Paul Tuthill

Pioneer Valley Bureau Chief

Paul Tuthill is WAMC’s Pioneer Valley Bureau Chief. He’s been covering news, everything from politics and government corruption to natural disasters and the arts, in western Massachusetts since 2007. Before joining WAMC, Paul was a reporter and anchor at WRKO in Boston.  He was news director for more than a decade at WTAG in Worcester.  Paul has won more than two dozen Associated Press Broadcast Awards. He won an Edward R. Murrow award for reporting on veterans’ healthcare for WAMC in 2011.  Born and raised in western New York, Paul did his first radio reporting while he was a student at the University of Rochester.

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Massachusetts has begun installing the all-electronic tolling system that is to replace toll booths on the MassPike. 

 Massachusetts Transportation Secretary Stephanie Pollack said the switch to so-called “open road tolling” is on schedule to happen this October. 

Because the tolls will now be calculated by the distance traveled people may pay a little more or a little less, depending on their commute. 

" We know we need to go through a public process with folks to put out a draft version of what we think those charges would look like," Pollack said.


A new chief of police at the University of Massachusetts Amherst was sworn into office today. The new chief arrives just in time to plan for an annual public safety challenge, the notorious “ Blarney Blowout."

Protecting a campus with almost 30,000 students, 6,000 people on the faculty and staff, and thousands of daily visitors situated in a bustling college town takes cooperation and collaboration, according to Tyrone Parham, the new UMass Amherst police chief.

" Safety is, I think, a part of everyone's responsibility," he said.

The new Massachusetts Commissioner of Higher Education Carlos Santiago is visiting each of the 24 campuses that make up the state’s system of community colleges and state universities. At each visit he meets with staff, faculty, students, local community leaders, and elected officials. 

Santiago, who came to Massachusetts as a deputy higher education commissioner in 2013, was on the campus of Westfield State University Thursday and he spoke with WAMC’s Pioneer Valley Bureau Chief Paul Tuthill.


The spiritual leader of Roman Catholics in western Massachusetts offered a broad apology today to people wounded by the clergy sex abuse scandal, to those embittered by church closings, and to people who were alienated from the church over racial and cultural differences or sexual orientation.


President Obama on Tuesday delivered his final federal budget proposal to Congress. The National Priorities Project called the proposal a “mix of old and new, of long shot proposals and sure bets.”  

WAMC’s Pioneer Valley Bureau Chief Paul Tuthill spoke with Jasmine Tucker, the senior research analyst at the Northampton-based nonpartisan organization.


A new phase of a major highway construction project in western Massachusetts is scheduled to begin this week, one that could result in more delays for motorists and more noise for people who live and work near the project.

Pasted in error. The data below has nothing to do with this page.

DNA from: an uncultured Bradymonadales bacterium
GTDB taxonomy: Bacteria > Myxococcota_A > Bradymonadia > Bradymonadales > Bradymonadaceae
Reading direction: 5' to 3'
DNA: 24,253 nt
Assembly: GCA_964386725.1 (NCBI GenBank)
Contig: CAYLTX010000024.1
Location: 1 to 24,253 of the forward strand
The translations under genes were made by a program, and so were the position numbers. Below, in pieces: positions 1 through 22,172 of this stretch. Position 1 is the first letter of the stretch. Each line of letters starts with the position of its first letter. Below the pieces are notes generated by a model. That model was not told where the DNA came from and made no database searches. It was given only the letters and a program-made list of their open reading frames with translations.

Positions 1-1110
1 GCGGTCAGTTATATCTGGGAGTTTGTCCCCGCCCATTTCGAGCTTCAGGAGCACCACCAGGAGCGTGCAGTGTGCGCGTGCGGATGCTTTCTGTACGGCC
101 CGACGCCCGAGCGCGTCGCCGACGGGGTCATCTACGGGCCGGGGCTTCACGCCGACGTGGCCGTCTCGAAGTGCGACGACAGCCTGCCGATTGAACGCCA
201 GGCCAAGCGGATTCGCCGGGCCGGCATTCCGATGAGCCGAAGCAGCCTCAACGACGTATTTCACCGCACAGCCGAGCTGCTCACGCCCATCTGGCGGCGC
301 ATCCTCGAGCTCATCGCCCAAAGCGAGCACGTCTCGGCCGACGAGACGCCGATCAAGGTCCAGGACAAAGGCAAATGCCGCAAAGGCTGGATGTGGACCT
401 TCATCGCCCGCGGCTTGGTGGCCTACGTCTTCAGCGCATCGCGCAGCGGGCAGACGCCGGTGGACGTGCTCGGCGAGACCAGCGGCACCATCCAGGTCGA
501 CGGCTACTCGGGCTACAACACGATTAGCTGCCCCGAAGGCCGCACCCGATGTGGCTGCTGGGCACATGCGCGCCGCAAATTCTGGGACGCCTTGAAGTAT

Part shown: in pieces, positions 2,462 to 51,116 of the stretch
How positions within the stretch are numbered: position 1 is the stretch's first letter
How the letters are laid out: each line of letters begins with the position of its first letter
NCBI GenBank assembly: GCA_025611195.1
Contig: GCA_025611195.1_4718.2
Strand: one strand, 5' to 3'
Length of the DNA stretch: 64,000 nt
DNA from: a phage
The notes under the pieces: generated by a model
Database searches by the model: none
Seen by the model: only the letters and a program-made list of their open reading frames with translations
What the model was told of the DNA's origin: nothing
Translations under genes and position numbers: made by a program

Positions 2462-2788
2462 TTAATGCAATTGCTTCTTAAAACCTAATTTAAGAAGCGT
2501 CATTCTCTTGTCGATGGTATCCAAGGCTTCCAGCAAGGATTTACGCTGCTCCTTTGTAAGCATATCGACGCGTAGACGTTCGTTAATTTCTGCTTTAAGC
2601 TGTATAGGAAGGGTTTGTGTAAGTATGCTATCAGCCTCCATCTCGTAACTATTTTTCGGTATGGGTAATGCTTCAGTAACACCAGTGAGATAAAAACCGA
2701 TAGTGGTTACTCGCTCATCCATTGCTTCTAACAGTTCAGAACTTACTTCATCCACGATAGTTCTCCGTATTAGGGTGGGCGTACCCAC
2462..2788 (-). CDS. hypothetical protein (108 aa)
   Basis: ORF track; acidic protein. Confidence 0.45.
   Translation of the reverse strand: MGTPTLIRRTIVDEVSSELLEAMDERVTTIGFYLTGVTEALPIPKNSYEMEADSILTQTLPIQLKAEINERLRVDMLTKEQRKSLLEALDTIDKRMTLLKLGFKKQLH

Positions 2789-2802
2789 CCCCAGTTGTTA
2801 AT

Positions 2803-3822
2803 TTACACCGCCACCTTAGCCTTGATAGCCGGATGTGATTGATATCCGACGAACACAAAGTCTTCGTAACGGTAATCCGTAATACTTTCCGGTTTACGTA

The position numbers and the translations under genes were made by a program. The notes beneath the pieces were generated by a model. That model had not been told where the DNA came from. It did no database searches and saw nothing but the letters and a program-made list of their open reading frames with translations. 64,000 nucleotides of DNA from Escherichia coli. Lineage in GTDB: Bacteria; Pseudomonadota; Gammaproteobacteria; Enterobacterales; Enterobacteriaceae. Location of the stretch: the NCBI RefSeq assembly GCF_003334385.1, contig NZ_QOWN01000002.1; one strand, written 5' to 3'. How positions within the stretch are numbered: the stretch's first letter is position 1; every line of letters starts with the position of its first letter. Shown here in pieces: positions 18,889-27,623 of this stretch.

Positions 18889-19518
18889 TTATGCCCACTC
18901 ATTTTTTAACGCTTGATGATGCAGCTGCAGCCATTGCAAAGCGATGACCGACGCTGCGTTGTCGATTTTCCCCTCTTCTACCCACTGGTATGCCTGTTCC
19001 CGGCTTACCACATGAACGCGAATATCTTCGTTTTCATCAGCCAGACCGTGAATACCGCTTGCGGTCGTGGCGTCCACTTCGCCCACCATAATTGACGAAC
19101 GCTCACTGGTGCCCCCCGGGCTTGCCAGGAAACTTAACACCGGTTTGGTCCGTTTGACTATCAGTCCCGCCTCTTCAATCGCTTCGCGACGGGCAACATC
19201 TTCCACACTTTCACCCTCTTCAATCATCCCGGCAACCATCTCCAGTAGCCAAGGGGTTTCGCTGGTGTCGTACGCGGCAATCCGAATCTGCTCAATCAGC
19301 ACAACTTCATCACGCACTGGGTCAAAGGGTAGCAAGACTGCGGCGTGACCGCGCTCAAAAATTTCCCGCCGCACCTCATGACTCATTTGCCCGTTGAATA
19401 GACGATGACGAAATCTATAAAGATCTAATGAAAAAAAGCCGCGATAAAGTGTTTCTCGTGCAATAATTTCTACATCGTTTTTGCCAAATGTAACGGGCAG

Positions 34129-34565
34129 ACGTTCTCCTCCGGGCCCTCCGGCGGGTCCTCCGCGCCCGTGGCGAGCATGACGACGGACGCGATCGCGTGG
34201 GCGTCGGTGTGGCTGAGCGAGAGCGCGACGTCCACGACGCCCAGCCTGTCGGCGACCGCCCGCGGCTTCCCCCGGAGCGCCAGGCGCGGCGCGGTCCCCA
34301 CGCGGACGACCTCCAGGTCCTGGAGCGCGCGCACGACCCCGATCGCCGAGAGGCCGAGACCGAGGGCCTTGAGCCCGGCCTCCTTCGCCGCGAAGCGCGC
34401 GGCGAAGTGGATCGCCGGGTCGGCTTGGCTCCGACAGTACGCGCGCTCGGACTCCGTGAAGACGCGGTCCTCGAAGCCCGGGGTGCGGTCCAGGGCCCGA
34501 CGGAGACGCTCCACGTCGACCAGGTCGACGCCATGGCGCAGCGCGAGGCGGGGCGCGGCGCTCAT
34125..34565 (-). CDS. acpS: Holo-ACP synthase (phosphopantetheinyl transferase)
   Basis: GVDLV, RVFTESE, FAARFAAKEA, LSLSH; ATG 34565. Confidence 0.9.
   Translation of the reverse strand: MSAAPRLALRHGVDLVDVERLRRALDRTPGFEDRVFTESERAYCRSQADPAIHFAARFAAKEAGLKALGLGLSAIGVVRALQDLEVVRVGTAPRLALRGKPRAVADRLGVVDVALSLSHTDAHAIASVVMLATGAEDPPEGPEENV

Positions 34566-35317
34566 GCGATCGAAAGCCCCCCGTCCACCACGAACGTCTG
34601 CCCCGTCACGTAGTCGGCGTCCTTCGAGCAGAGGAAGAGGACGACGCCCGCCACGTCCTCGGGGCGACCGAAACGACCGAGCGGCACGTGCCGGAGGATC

MassDOT announced the contractor on the project to reconstruct the elevated portion of Interstate 91 in downtown Springfield will begin demolishing the reinforced concrete bridge deck of the highway. The work, scheduled to begin Wednesday, will take place on the inner northbound lane of the I-91 viaduct.

Dave Lucas

The political spotlight falls today on New Hampshire, scene of the first presidential primaries, but  Wednesday is an important date on the 2016 election calendar in Massachusetts. It is the final day to register to be able to vote in the presidential primaries in Massachusetts on March 1st. 

Online voter registration launched in Massachusetts last summer and has been a big success. 

WAMC’s Pioneer Valley Bureau Chief Paul Tuthill spoke with the state’s top election official, Massachusetts Secretary of State William Galvin.

An artists rendering of the proposed MGM Casino in Springfield, MA

Additional hearings have been scheduled to review the latest plans for the $950 million MGM Springfield casino. 

The Springfield City Council, which has already held four hearings on the site plan for the resort casino, has scheduled two additional hearings later this month. 

City Council President Mike Fenton said he’s been assured by MGM officials that the extended review will not hold up the construction of the casino which is scheduled to open in 2018.

ramp closed sign leading to elevated interstate highway

MassDOT is warning of traffic delays on Interstate 91 as contractors begin to demolish the elevated highway deck in Springfield.

Work to tear down the reinforced concrete bridge deck on the 2.5 mile long I-91 viaduct is scheduled to start on February 10.

       MassDOT said the contractor will put noise-reducing curtains in place and take other mitigation steps.  The demolition is scheduled to take place during both daytime and nighttime work shifts.                  

A large crowd displays the Black Flag on steps of Springfield City Hall

Black History Month began in Springfield, Massachusetts this week with an annual flag-raising ceremony at City Hall.

A large diverse audience of children from a local elementary school, a Head Start classroom, and a youth job corps program, were encouraged by keynote speaker Dr. Alonzo Sheffield, 95, a retired physician, to learn their history.

" I think it will help them in their studies and appreciate what the situation is today, " he said.